Most of the carts are laden with Mexican families out for a Saturday dip, but we occupy four of them, a passel of gringos swatting horse flies. My horse is particularly lazy and prone to wander off the track whenever given an opportunity – taking after his driver, who is whiny and ready to be home for the day. Occasionally we meet cartloads of people heading back from our destination, and since there are more of us, they all unload and lift their carts off the track for us to trot by. When we do meet a group that matches our size, some friendly banter gets tossed back and forth by the drivers – "We've got more!" "Well, we could beat you!" Eventually we get out and let them pass.
I keep my eyes peeled for a regional tree – I've forgotten its name – that has the mystical property of causing dreadful welts on the skin of anyone who crosses its shadow. There is, of course, a scientific explanation – potent black sap that drips from the leaves – but legend has it that centuries ago, Mayans who had been left to die for refusing to convert were tied to this particular tree – and cursed it. The antidote to the black sap is the bark of another tree that always grows nearby. I love my wise Creator, always providing a remedy for the curse.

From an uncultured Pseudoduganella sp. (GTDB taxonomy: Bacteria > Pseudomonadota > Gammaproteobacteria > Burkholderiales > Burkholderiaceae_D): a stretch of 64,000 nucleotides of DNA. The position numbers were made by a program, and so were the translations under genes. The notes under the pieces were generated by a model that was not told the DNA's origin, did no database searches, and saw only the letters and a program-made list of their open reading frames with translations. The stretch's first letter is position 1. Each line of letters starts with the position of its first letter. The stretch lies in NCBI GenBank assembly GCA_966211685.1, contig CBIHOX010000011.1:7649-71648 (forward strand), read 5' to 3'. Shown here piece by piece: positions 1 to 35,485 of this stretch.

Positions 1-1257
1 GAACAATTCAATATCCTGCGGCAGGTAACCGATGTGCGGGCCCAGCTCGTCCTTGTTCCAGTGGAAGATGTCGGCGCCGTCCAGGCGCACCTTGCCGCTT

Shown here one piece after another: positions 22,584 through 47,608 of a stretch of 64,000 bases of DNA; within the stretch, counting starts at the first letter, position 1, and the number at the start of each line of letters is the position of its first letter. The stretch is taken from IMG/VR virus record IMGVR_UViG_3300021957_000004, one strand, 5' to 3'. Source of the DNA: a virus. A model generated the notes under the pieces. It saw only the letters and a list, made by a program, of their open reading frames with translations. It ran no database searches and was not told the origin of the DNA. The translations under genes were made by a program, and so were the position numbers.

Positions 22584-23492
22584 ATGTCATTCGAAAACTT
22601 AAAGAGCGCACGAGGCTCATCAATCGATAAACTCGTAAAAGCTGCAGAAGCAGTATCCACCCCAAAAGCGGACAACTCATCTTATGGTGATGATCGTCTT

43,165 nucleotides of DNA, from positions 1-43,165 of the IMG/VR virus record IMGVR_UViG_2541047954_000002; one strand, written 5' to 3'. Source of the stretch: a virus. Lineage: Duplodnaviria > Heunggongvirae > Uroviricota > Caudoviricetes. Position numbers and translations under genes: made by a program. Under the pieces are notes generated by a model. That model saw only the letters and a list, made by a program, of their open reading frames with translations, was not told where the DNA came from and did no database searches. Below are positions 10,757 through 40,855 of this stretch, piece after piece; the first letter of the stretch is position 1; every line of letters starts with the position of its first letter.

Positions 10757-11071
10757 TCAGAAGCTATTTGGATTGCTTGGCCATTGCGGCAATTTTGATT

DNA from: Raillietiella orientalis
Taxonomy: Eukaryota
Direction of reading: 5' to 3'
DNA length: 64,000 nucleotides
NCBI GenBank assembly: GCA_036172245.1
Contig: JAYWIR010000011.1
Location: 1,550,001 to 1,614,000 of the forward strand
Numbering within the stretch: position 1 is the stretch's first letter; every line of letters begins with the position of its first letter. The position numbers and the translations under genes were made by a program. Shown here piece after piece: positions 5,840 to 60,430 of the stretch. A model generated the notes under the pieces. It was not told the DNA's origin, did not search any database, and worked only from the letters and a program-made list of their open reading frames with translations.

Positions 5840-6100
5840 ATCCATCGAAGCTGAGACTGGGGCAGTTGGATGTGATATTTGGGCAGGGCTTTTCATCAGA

Finally we arrive at the first cenote. The whole peninsula is teeming with underground rivers, and countless openings and caves that used to invite worship (and, some say, human sacrifice) now beckon us: "Refréscate!"
The water is cool and fresh and impossibly clean, redefining "deep blue." Openings in the roof of the cave let light filter down, and tree roots dangle just above the surface of the water, tempting a climb. We float on our backs, admiring the view. We hurl ourselves from the platform ten feet up.
Eventually they call us out and it's on to the next one – this one accessible by a slippery, rickety ladder down a narrow hole. I'm amazed there's no liability release form to sign. This cenote has an island in the middle but no platform to jump off of – we improvise, balancing on the railing of the balcony before taking the plunge.
It's dusk by the time we leave, and before long the fireflies make their appearance - luciernago in Spanish, but the Mayan is prettier and much easier to pronounce: cocay. We creak and rattle our way home. I imagine the Mayan workers when the hacienda was in its prime, urging the horses on, anxious to be with their families. My "family", a hodgepodge of gringos and Mexicans, heads back to our home away from home, exhausted and hungry, but with a story to tell.